Game on

Nixon accuses Cuomo of underfunding schools, calling his rationale ‘just one big excuse’

PHOTO: Metropolitan Transportation Authority / Patrick Cashin

For her first Albany appearance as a gubernatorial candidate, Cynthia Nixon chose to attack Gov. Andrew Cuomo on school funding answering any questions about how deeply her education advocacy experience is shaping her campaign.

The “Sex and the City” actress held a press conference on Monday with the Alliance for Quality Education, an education advocacy group that has counted Nixon as a spokesperson for 16 years. The union-backed group pushes for more school funding in Albany.

During Monday’s appearance, Nixon accused the governor of underfunding poor schools, dismissed his latest proposal to make the system more fair as a “stall tactic” and compared him to President Donald Trump.

“Governor Cuomo’s entire argument on school funding is just one big excuse to ignore the lives of students who are black or brown or working-class,” Nixon said. “The Cuomo budget does not value the lives of the majority of New York’s children.”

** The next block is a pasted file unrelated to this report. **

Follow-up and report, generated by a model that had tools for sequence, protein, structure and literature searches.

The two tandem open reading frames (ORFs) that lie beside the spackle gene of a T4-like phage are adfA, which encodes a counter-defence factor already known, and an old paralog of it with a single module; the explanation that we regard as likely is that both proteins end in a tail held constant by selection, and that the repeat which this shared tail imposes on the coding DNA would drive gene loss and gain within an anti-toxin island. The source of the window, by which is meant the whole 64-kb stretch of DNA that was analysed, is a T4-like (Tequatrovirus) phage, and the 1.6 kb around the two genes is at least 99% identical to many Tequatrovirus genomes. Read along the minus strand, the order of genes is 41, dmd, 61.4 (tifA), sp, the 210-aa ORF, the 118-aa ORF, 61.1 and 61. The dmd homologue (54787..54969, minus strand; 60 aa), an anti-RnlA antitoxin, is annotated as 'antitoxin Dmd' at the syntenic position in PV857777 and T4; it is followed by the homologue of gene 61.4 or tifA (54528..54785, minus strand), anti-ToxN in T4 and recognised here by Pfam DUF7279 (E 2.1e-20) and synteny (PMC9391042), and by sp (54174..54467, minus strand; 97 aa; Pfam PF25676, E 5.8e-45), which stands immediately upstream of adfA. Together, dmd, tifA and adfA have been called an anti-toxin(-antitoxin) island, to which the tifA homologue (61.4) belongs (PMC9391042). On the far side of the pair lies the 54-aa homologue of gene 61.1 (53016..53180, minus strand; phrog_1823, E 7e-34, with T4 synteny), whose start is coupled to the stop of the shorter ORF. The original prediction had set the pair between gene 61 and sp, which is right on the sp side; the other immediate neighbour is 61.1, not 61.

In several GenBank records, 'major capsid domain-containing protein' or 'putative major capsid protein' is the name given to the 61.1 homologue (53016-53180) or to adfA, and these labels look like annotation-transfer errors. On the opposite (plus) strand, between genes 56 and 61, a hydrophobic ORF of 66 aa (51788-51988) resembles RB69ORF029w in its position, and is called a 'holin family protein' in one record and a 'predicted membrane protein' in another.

While Nixon dismissed Cuomo’s education spending proposal, which would increase school aid by $769 million, she embraced the proposal put forward by the Democratic-led Assembly. The Assembly’s budget calls for a $1.5 billion boost to education spending.

Nixon’s comments are part of a larger battle over school funding that has been brewing in New York State for years. Advocates from groups such as Alliance for Quality Education, including Nixon, have argued that New York schools are owed billions of dollars under a school funding lawsuit settled in 2006.

The governor’s office has shot back, saying that the level of funding was meant to be a goal instead of a legally binding amount. Officials from the governor’s office also noted that Cuomo has overseen a 35 percent hike in education spending since 2012.

In addition to talking about the overall level of education spending, Nixon spotlighted spending inequality at Monday’s press conference, arguing that the state’s richer, whiter, districts pull up the state’s average spending on schools, while the state’s poorest schools are still suffering from underfunding.

This year, the governor’s budget includes a provision that would allow state officials to review and approve school budgets from certain school districts to ensure that enough money is flowing to the poorest schools. (Officials from the governor’s office also noted that the state’s funding formula provides more money to the poorest schools.)

When asked about the governor’s desire to account for where every education dollar goes, Nixon called it a “classic stall tactic” that the governor is using because he “doesn’t want to fund anything.”

The federal Every Student Succeeds Act requires a school-by-school breakdown of education spending, but Cuomo’s budget would take the requirement a step further and allow state officials to approve budgets.